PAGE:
Such unwillingness to abide by inherited traditions and practices intended to embed integrity and accountability in our system of government should sound an ominous warning to all Australians. This is a governing elite prepared to trash constitutional conventions – the unwritten rules intended to ensure appropriate standards of political behaviour – in its quest for political power. These depend on the willingness of those holding executive power to exercise self-restraint in the long-term national interest.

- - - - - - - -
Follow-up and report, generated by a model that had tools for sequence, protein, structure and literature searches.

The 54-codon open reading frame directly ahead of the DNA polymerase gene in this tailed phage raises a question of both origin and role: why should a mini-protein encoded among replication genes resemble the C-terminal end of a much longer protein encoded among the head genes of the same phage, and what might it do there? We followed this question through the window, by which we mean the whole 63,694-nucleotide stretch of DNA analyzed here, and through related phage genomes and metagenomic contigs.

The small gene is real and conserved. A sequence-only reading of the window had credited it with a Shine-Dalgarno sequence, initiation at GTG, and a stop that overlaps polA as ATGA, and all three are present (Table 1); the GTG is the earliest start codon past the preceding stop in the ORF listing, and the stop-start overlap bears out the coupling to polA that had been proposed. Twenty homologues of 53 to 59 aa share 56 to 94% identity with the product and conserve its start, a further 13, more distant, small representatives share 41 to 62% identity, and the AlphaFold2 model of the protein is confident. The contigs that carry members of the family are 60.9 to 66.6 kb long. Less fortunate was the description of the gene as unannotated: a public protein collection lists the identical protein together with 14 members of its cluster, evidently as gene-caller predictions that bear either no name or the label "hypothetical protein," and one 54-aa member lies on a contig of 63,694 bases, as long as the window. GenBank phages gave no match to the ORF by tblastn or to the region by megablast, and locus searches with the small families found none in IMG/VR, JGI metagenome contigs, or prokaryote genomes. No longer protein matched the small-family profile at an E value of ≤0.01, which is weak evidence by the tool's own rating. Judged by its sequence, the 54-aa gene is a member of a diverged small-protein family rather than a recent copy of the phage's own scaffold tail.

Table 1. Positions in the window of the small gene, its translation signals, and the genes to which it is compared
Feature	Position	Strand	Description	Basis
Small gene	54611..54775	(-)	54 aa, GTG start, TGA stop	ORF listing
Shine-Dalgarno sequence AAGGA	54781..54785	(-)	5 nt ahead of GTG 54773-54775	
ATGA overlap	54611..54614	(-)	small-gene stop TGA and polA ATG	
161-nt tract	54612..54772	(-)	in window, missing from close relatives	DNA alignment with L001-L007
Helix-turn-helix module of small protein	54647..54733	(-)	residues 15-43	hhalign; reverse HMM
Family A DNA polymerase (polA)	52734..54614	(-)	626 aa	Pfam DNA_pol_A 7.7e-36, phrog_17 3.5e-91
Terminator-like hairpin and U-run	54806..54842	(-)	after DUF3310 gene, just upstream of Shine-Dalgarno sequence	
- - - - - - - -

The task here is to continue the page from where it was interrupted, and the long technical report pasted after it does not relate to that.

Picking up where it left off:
This matters to me. I’ve spent my professional life researching and trying to support integrity, accountability, transparency and good governance at all levels of Australian government. I’ve seen this pattern of conduct before. I’ve lived it, which accounts for the sense of unease and foreboding that I have felt watching these developments accelerate in recent years – emboldened and perhaps enabled by similar patterns overseas. A growing number of Australians from all walks of life share my concerns about threats to our nation’s democratic governance. Citizens’ loss of trust in Australia’s political leaders and institutions is reflected in a range of survey data, including the annual Edelman Trust Barometer (which examines trust across the major institutions of business, government, the media and not-for-profits) and the longitudinal Australian Election Study. Edelman’s mid-year survey, published in July 2021, reported that a resurgence in trust in its February 2021 annual survey – reflecting confidence in Australia’s handling of COVID-19 – had been a ‘false dawn’. It found that at the end of May, levels of trust ‘fell sharply across all four institutions’. Edelman also confirmed an ‘alarming trend’ it had reported previously as Australia again recorded the largest trust inequality anywhere in the world – a gap of twenty-eight points between the ‘trusting informed public’ (well-informed adults in the top income and educational brackets) versus the more cynical mass population.